SimpleDateFormat and Thread Safety

SimpleDateFormat and Thread Safety

It never fails to surprise me that so many developers are unaware that SimpleDateFormat is not thread-safe. It seems like almost all J2EE projects I work on have code that uses instance variables or static instance variables to store a SimpleDateFormat that is then used throughout the code base without any concurrency control. Here’s a classic example:

public class MyService // could be a web service or a session bean
 public void someBusinessMethod(String datestring, ...) {
     Date date = GlobalConst.DATE_FMT.parse(datestring);
     // rest of code omitted

This is particularly nasty because the code may well run without producing any exceptions but could easily parse the date incorrectly. If you don’t believe how likely this is, here’s some code to prove the point:

public class ProveNotSafe {
 static SimpleDateFormat df
            = new SimpleDateFormat( "dd-MMM-yyyy" );
 static String testdata[] = {
     "01-Jan-1999", "14-Feb-2001", "31-Dec-2007"
 public static void main(String[] args) {
     Runnable r[] = new Runnable[ testdata.length ];
     for (int i = 0; i < r.length; i++) {
         final int i2 = i;
         r[i] = new Runnable() {
             public void run() {
                 try {
                     for (int j=0; j<1000; j++) {
                         String str = testdata[i2];
                         String str2 = null;
                         /*synchronized(df)*/ {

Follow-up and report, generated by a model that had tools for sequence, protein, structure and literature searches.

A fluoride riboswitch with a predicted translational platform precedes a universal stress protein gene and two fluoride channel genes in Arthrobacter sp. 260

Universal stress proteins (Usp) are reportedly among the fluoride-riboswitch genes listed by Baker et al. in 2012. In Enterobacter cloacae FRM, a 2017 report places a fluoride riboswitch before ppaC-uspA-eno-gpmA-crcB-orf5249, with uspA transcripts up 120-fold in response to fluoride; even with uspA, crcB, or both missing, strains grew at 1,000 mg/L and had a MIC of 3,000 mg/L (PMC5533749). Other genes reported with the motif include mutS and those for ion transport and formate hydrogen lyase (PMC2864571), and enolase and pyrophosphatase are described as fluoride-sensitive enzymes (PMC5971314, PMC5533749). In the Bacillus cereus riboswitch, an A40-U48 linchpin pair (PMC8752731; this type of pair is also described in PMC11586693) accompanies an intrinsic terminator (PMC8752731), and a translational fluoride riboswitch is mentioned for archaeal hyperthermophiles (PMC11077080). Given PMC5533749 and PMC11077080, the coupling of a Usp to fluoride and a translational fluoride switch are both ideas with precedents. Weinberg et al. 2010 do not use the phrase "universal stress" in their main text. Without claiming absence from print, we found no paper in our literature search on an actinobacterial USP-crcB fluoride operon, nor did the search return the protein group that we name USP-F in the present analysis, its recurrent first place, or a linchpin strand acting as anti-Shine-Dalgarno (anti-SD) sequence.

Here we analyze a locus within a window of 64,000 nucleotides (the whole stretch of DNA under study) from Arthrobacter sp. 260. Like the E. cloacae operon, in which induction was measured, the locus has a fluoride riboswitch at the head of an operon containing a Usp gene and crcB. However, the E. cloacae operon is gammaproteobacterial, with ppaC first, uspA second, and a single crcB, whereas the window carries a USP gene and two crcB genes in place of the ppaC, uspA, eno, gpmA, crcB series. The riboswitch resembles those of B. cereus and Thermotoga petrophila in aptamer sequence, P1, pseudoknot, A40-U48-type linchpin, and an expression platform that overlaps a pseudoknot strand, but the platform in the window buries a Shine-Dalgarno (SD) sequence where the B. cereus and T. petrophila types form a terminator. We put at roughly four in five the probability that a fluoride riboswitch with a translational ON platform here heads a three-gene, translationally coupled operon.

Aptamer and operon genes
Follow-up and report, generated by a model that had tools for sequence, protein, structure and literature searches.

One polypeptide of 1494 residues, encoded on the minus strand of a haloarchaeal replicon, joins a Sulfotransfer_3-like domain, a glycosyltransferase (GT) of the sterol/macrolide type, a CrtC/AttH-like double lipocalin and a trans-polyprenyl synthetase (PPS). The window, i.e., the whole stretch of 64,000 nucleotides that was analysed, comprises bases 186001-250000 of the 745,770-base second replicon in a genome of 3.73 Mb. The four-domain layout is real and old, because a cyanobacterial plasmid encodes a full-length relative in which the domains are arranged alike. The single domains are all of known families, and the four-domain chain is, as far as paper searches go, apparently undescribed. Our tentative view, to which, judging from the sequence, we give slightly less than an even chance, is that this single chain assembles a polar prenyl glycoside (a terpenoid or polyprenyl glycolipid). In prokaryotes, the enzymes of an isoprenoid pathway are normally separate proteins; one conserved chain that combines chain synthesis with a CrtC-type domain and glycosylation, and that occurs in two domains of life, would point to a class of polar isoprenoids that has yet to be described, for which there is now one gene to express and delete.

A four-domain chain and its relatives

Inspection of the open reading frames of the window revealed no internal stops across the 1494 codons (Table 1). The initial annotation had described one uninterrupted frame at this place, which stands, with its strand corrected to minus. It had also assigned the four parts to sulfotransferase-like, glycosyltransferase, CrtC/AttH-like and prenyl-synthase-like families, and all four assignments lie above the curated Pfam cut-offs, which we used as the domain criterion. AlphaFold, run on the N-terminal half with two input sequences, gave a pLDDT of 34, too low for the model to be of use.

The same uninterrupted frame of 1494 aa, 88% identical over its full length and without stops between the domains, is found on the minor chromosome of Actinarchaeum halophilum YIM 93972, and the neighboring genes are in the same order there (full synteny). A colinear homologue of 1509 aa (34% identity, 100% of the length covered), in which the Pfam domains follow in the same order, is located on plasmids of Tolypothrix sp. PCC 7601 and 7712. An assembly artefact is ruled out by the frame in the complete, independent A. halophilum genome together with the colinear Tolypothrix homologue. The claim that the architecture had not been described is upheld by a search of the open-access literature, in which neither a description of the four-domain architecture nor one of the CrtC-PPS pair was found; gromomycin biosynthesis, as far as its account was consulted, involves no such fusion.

Date d = df.parse(str);
                             str2 = df.format( d );
                         if (!str.equals(str2)) {
                             throw new RuntimeException(
                                 "date conversion failed after "
                               + j + " iterations. Expected "
                               + str + " but got " + str2 );
                 } catch (ParseException e) {
                     throw new RuntimeException( "parse failed" );
         new Thread(r[i]).start();

When I run this code, I get the following output:

java.lang.RuntimeException: date conversion failed after 3 iterations.
Expected 14-Feb-2001 but got 01-Dec-2007

Note that “01-Dec-2007″ isn’t even one of the strings in the test data. It is actually a combination of the dates being processed by the other two threads!

If I uncomment the synchronized keyword then of course it runs without exception.

If I want to quickly remove these issues from a code base I usually create a simple replacement class like this that wraps SimpleDateFormat.

public class ThreadSafeSimpleDateFormat {
private DateFormat df;

public ThreadSafeSimpleDateFormat(String format) {
this.df = new SimpleDateFormat(format);

public synchronized String format(Date date) {
return df.format(date);

public synchronized Date parse(String string) throws ParseException {
return df.parse(string);

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  • garikapati

    I had this issue in my recent project and wasted couple of valuable working days by not knowing where is the problem.
    Finally I got this culprit and fixed the issue.
    I think it’s best to make code block as synchronized than a method… in ThreadSafeSimpleDateFormat class?
    what’s your say?

  • Li

    I made a class that can make the work easier. Please check at:

  • Li

    Sorry, the link got cut in my previous post. Please check here.
    Or it is the first post in my blog at:

  • rajandeep vij


    Quick question. Would this be an issue where I have a single date to parse?

    calendar.setTime(new SimpleDateFormat(“dd-MMM-yy”).parse(requestDto.getFromDate()));

    calendar.add(Calendar.DAY_OF_MONTH, 1);

    requestDto.setFromDate(new SimpleDateFormat(“dd-MMM-yy”).format(calendar.getTime()));

    calendar.setTime(new SimpleDateFormat(“dd-MMM-yy”).parse(requestDto.getToDate()));

    calendar.add(Calendar.DAY_OF_MONTH, 1);